Fall Colors — River/Creek — Waterfall — Wildlife
This trail is a little rocky, and often wet in places.
The trail begins at the Black Balsam parking area (at the end of Black Balsam Knob Road, FS816 off the Blue Ridge Parkway). This is a popular trailhead, with the possibility to make long and short loops in the area. See for example Sam's Knob Loop. The Shining Rock Wilderness lies just to the north.
The trail follows a railbed dating from early in the last century when the area was heavily logged. This logging lead to the peculiar "balds" on the tops of mountains where the forests are unable to reestablish themselves due to soil erosion. The balds offer great views though.
Nevertheless, because the trail follows an old rail bed, it descends continuously at a relatively moderate grade. (Or if running in the reverse direction, the moderate ascent makes it possible for us flatlanders who aren't accustomed to such altitudes not to gasp too much for air.)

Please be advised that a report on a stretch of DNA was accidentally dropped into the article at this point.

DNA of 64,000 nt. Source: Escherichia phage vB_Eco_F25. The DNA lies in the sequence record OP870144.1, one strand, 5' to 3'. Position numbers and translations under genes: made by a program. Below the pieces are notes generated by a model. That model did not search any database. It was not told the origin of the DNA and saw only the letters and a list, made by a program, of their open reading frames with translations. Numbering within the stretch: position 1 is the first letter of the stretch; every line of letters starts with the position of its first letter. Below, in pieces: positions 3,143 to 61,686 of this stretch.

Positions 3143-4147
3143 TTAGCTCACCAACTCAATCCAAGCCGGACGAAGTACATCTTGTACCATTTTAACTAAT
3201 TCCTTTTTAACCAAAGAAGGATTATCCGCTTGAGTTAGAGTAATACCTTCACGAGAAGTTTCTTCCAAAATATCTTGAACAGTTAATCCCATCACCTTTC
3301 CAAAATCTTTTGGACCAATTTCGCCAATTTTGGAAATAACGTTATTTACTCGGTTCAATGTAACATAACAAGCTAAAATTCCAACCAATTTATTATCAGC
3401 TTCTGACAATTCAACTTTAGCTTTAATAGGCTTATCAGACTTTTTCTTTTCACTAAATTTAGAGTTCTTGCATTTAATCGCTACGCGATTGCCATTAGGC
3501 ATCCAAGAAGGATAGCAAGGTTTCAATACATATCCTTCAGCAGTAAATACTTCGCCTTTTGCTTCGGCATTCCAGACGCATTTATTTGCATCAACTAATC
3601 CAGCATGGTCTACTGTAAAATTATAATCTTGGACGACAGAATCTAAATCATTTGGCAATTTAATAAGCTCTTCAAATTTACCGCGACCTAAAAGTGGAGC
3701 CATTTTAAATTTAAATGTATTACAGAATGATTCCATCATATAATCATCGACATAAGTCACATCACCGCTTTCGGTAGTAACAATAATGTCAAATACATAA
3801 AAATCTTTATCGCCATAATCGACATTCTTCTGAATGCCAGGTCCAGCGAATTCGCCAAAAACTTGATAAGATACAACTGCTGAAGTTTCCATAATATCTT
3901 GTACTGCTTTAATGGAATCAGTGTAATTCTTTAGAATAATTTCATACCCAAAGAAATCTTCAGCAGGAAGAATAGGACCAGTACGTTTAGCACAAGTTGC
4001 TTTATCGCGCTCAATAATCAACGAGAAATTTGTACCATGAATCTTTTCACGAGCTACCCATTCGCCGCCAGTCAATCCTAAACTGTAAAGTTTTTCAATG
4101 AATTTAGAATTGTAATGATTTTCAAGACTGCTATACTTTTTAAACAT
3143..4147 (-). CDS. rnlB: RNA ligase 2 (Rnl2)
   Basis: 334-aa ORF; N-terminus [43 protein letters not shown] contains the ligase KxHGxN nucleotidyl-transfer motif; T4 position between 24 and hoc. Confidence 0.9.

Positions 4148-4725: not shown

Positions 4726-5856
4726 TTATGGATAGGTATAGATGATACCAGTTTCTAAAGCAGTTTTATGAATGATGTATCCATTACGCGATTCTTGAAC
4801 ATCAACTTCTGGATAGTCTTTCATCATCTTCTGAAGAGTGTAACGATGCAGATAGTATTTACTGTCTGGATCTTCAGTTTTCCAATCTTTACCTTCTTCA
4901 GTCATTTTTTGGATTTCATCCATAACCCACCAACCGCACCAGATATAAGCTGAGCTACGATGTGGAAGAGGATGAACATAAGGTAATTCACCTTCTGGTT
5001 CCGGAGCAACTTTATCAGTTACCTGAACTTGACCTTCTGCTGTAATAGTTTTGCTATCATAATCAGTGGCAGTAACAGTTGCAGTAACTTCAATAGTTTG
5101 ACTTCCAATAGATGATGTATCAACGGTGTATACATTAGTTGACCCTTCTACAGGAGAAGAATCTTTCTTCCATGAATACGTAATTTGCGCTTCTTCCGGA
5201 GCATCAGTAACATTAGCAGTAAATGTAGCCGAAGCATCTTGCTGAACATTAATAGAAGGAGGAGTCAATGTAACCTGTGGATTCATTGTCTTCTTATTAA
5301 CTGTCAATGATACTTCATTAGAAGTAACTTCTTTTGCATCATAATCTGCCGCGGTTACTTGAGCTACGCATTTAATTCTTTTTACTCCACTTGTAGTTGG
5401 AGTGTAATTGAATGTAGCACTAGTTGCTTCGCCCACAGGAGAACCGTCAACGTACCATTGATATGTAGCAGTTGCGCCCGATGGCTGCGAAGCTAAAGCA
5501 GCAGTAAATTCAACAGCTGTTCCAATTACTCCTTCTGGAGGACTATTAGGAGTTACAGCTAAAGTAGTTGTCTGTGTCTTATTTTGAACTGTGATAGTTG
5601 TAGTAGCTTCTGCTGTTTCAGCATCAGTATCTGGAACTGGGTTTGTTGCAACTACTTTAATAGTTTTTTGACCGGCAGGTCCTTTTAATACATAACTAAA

The trail first passes through a meadow at the top of Black Balsam, but the latter half enters into the forest. The forest also features rhododendrons and berry bushes. Much of the trail can be quite rocky and technical in places due to washed out and rutted areas. There are several creek crossings as well as other areas along the trail where the water runs along the trail. Bring waterproof boots or expect to get wet feet, and expect to get a little muddy either way.
There are a couple of small waterfalls visible from the trail, particularly near the end. The most notable is Wildcat Falls around the 3-mile mark, which is viewable from a concrete bridge that presumably used to be part of the railroad. Supposedly, you can also run down to some cascades on Flat Laurel Creek around 1.6 miles in, but I didn't try it.
When I did this trail, there was a sign in the parking lot that said bears were active in this area, and sure enough, I came around one bend and there was a bear about 20-30 feet in front of me. Fortunately, it must have already had its fill of berries.
This was kind of a cool experience, but now I carry bear spray.